With social justice already being the nature of their work, Goode says that the death of George Floyd and the ensuing nationwide protests and calls for justice made organizations like CHOOSE 180 that much more significant. "There was a rallying cry throughout our community to uplift our cause, our collective effort on this journey towards justice, to really begin to see large systemic change," he said. "And as a result of the community support — who I've affectionately referred to as 'the collective us' — we've been able to see some pretty cool things happen here in our region, and are excited for the blueprint we're creating for the rest of our country."
Chris Carson represented CHOOSE 180 on his cleats during Week 12's My Cause, My Cleats game. His story isn't exactly similar to that of a CHOOSE 180 participant, but the running back is no stranger to tough setbacks, on and off the field.
"Just based off of my growing up, we didn't have every opportunity that other people have, so I wanted to give back, and I can relate to a lot of these kids," Carson said. "When my house burned down and having to go from place to place for a while, I knew what it's like not to have a place to stay. So I wanted to give back to kids who are also going through things like that."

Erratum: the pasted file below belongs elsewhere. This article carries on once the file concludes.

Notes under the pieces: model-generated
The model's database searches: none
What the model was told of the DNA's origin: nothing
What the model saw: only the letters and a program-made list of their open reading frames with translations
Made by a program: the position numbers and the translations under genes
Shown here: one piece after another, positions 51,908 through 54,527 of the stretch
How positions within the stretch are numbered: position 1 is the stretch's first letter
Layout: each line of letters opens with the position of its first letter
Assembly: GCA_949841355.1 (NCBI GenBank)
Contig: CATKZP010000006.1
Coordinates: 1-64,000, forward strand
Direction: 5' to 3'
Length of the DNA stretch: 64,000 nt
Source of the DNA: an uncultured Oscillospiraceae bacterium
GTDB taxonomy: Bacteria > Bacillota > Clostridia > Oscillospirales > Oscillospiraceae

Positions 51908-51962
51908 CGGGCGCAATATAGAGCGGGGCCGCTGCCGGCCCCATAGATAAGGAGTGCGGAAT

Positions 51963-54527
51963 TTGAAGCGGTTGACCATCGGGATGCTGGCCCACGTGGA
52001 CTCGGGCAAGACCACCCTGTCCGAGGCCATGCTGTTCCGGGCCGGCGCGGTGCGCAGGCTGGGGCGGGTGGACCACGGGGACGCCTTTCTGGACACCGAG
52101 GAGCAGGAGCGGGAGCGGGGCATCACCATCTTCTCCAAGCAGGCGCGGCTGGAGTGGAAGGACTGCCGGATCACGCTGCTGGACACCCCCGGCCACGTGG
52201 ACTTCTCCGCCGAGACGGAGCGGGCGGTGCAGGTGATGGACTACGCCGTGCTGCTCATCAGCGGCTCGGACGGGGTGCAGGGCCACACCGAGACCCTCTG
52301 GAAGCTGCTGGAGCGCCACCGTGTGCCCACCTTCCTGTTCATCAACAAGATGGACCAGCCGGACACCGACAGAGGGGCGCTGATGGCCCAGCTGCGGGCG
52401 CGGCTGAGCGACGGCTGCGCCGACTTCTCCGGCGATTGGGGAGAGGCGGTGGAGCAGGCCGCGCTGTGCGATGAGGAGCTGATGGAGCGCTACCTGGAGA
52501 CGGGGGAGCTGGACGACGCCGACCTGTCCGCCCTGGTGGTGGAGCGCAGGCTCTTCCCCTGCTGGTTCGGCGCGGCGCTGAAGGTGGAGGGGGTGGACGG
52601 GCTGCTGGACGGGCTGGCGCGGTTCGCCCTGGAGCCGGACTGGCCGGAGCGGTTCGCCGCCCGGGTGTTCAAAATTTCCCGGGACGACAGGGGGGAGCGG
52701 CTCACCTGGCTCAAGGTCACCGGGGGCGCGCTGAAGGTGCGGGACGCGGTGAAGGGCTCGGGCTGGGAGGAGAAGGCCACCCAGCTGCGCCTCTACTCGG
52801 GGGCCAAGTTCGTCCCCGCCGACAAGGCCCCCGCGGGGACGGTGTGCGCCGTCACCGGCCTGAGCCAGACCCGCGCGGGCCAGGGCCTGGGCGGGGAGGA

CHOOSE 180 is also partnering with a number of other organizations to create Restorative Community Pathways, a program that has an ultimate goal of diverting 400+ misdemeanor cases from the traditional criminal justice system to more community-based solutions. A documentary on the effort is set to be released next Friday, December 18 as part of our Social Justice Month.
With everything he's gone through in his life, Goode takes comfort in knowing that the tough times we're experiencing now are just temporary.